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Walmart-linked Green Dot Bank receives proposed Federal Reserve order over allegedly faulty consumer practices

Green Dot Bank, best known for partnering with Walmart to provide basic digital banking services to customers, said it has received a proposed consent order from the Federal Reserve over allegedly faulty consumer protection and anti-money laundering practices.

In a filing this week, Green Dot said the consent order — a type of agreement with a regulator that can entail increased monitoring, specific directives and enforcement — relates to activities that stretch back as far as 2017. It noted new leadership had begun arriving in 2020, with current CEO George Gresham appointed in 2022 — but did not specify whether the order covered issues that had occurred since.

Green Dot estimated that its liability related to the proposed order could be $20 million, but warned investors that losses could reach as much as $50 million, according to the filing. Its stock closed down 2% Friday.

In an earnings call this week, Gresham said Green Dot does not  expect any “incremental restrictions to be placed on our business or operations.”

“We take regulatory compliance very seriously, and we have invested considerably in people, in time, and process improvement and product improvement and in money to improve our capabilities in this regard,” Gresham said, according to a transcript of the call. “We are not the same management team or the same company that we were in 2017.”

A Green Dot spokesperson provided an additional comment in an email: “We’re confident about our financial and regulatory positions today and are committed to partnering closely with our regulators to ensure customers are well-served and protected, and that our products are designed and marketed with our customers’ best interests at the forefront.”

A spokesperson for the Federal Reserve said the regulator did not have a comment on the matter.

NBC News reported last summer that some customers had found they were suddenly unable to access their accounts, or had them frozen or closed outright, often with minimal explanation or recourse.

Green Dot subsequently acknowledged that recent tech conversions in its operations had caused temporary outages for “very small segments of customers,” and that ones whom the bank confirmed had been affected were subsequently issued courtesy credits.

It’s unclear whether the proposed consent order is related to these recent customer issues.

In October, the Better Business Bureau noted Green Dot had not responded to an inquiry about a “pattern of complaints” regarding locked accounts and lack of customer support.

In an email, the Green Dot spokesperson said the company was not required to respond to BBB complaints since it is not a formal regulatory body, and Green Dot had stopped paying the BBB in 2022. She added Green Dot also informed the BBB about the company’s technology-conversion period, during which complaints spiked, last fall.

Green Dot may be best known for the reloadable debit card it sells at Walmart under the brand Walmart MoneyCards. Thanks in part to this partnership, Green has opened some 67 million accounts over the past decade or so.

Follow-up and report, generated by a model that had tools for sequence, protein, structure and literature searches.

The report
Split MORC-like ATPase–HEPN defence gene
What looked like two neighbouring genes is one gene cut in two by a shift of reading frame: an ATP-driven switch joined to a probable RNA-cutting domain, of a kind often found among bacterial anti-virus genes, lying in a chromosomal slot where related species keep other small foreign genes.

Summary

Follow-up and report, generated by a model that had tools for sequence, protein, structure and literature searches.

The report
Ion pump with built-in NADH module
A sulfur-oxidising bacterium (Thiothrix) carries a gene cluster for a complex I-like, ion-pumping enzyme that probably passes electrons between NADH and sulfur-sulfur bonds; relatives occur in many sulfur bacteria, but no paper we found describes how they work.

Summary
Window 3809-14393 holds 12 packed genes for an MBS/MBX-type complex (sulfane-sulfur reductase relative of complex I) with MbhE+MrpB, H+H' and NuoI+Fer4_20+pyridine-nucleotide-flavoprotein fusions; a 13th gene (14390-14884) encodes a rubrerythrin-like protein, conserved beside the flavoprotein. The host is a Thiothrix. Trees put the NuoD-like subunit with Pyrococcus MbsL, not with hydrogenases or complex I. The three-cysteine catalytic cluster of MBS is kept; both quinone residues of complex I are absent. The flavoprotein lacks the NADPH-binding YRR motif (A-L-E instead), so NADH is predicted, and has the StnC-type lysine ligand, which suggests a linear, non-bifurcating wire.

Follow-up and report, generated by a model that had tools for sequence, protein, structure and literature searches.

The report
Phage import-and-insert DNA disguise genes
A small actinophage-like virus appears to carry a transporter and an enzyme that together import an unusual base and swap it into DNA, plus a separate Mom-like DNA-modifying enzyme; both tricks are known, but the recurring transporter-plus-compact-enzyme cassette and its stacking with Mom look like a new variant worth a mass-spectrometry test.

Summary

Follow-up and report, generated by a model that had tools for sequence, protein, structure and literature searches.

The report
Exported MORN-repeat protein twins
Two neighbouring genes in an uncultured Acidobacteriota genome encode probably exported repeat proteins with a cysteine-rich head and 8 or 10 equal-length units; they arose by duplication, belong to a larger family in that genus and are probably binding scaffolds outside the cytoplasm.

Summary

A Walmart spokesperson did not respond to a request for comment regarding Green Dot’s announcement of the proposed consent order.

Green Dot also partners with Turbotax and its parent company Intuit on a banking card that allows customers to access their IRS tax refunds.

In an email to NBC, the Green Dot spokesperson acknowledged that “a few isolated incidents” involving customers unable to access their tax refunds had been “quickly resolved,” noting the Green Dot platform had received a number of updates and improvements last year.

“We’re pleased with how quickly and efficiently refunds are being processed and customers are receiving access to their funds,” she said.

Green Dot also sometimes requires some customers, especially those with larger refunds or those who present other common risk indicators, to provide additional verification to access their money, the spokesperson said.

“A small portion” of refunds required these steps, she said, but they have now been fully processed and the funds have been deposited to customers.

Intuit did not respond to a request for comment regarding the news of the proposed consent order.

Green Dot further disclosed this week it is facing a proposed class action suit by a customer related to last year’s outages. The company said it has filed a motion to compel arbitration with the plaintiff and halt the suit, which was filed in October in Texas, where Green Dot is domiciled. Green Dot said it is awaiting a ruling from the District Court for Travis County, Texas on its motion.

Dave Mayo, CEO of FedFis, a financial institutions data analytics and strategy system; and founder of the Bankers Helping Bankers Association, said consent orders like the one Green Dot may now be facing are becoming increasingly common for new financial-technology players — but that this is a sign of a healthy, maturing market.

“None of this from what I’ve seen is life threatening to the institution, or presents a systemic risk in the banking system — we haven’t seen anything to get us concerned,” Mayo said. “When regulators get really involved and clean up — that’s actually a positive evolution.”

This post appeared first on NBC NEWS

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